Lampre-Merida’s Filippo Pozzato reappeared with 12th place in Flanders and could feature while one place behind him was Stijn Devolder of Trek Factory Racing. Both are struggling to match past results and will have to gamble and can take risks knowing they have team mates for cover for example Davide Cimolai and Gert Steegmans respectively.
French hopes are on Arnaud Démare and this might look meagre but he and his team have had a run of bad luck which if it stops could bring a surprise. He had a decent race last year but 12th place plus being French means he’s been prematurely projected as a winner with Marc Madiot almost the pushy parent promoting his “son” Arnaud.
IAM’s leader is Sylvain Chavanel but he could be eclipsed by Martin Elmiger who was with the front group in De Ronde and even more suited to this Sunday’s course, he’ll need luck but is a strong rider with a good finish after 250km.
As for others there’s a long list of names who can surprise. Cofidis’s Florian Sénéchal is the local who dreams of this race and he does have the talent to impress. Johan Vansummeren hasn’t shown any form to suggest a repeat win of 2011 but his win then came after equally anonymous results, Ag2r team mate Damien Gaudin loves this race and was fifth in 2013. Topsport Vlaanderen bring Edward Theuns and Jelle Wallays, the former looks classier but Wallays has the brute force needed. Gerald Ciolek has been MTN-Qhubeka’s strongest rider this spring and Reinardt Janse van Rensburg could surprise. Finally Movistar have to ride as a UCI obligation Adriano Malori‘s power comes in handy as does the sprint finish of Fran Ventoso and J-J Rojas.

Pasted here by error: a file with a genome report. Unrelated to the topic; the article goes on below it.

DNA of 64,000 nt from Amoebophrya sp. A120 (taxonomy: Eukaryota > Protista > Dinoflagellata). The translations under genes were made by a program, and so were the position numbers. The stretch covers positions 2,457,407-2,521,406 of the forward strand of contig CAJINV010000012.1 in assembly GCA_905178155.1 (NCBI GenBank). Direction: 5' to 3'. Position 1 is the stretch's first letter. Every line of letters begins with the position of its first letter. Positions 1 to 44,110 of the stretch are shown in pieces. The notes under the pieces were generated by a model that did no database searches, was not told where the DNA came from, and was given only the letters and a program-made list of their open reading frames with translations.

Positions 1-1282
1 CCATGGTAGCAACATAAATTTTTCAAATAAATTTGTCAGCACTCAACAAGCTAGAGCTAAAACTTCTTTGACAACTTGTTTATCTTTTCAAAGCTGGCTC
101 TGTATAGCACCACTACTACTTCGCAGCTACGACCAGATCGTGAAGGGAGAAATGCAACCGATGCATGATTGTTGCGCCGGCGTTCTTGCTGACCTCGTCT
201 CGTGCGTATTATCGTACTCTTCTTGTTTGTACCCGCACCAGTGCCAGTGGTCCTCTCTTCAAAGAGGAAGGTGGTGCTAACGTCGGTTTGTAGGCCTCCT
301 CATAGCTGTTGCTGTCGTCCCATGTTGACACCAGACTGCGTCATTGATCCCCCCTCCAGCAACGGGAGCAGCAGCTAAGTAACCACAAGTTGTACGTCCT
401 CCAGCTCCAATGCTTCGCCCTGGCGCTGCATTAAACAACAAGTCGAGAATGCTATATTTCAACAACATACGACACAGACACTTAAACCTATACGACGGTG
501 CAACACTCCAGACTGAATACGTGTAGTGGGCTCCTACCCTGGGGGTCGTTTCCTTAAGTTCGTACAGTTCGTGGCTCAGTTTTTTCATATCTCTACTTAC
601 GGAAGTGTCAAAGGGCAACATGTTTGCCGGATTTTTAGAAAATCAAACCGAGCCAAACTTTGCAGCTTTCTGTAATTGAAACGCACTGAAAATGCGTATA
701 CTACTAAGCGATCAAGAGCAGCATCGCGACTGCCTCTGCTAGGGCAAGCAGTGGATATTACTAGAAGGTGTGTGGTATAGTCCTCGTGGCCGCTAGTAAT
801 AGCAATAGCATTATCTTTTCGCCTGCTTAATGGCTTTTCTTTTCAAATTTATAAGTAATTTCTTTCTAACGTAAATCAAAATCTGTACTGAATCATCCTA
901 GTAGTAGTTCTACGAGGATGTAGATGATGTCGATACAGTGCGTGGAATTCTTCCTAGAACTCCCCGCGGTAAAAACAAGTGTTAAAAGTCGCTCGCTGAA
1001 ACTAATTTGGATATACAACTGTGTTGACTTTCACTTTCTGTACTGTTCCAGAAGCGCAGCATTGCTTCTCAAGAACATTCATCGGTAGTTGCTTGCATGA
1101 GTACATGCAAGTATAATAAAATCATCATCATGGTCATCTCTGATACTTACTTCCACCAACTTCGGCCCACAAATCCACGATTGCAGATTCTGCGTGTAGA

|Greg Van Avermaet, Zdeněk Štybar, Niki Terpstra|
|Peter Sagan, Geraint Thomas, Sep Vanmarcke, John Degenkolb|
|Lars Boom, Ian Stannard, Stijn Vandenbergh, Jurgen Roelandts|
|Wiggins, Elmiger, Ciolek, Démare, Wallays, Theuns|
Five chainrings for Kristoff but discount everything by the random ways of the race where punctures, crashes and even level-crossings can ruin someone’s chances.
Weather: mild, sunny and 15°C with a light breeze that will offer a tailwind from the start and a slight crosswind later on. Benign conditions for the tactics.
TV: the live footage will begin at 12.55pm CET with the finish forecast for 4.50pm. Watch as much as you can but be sure to tune by 2.20pm, the predicted time for the Arenberg Forest section when the race will take shape.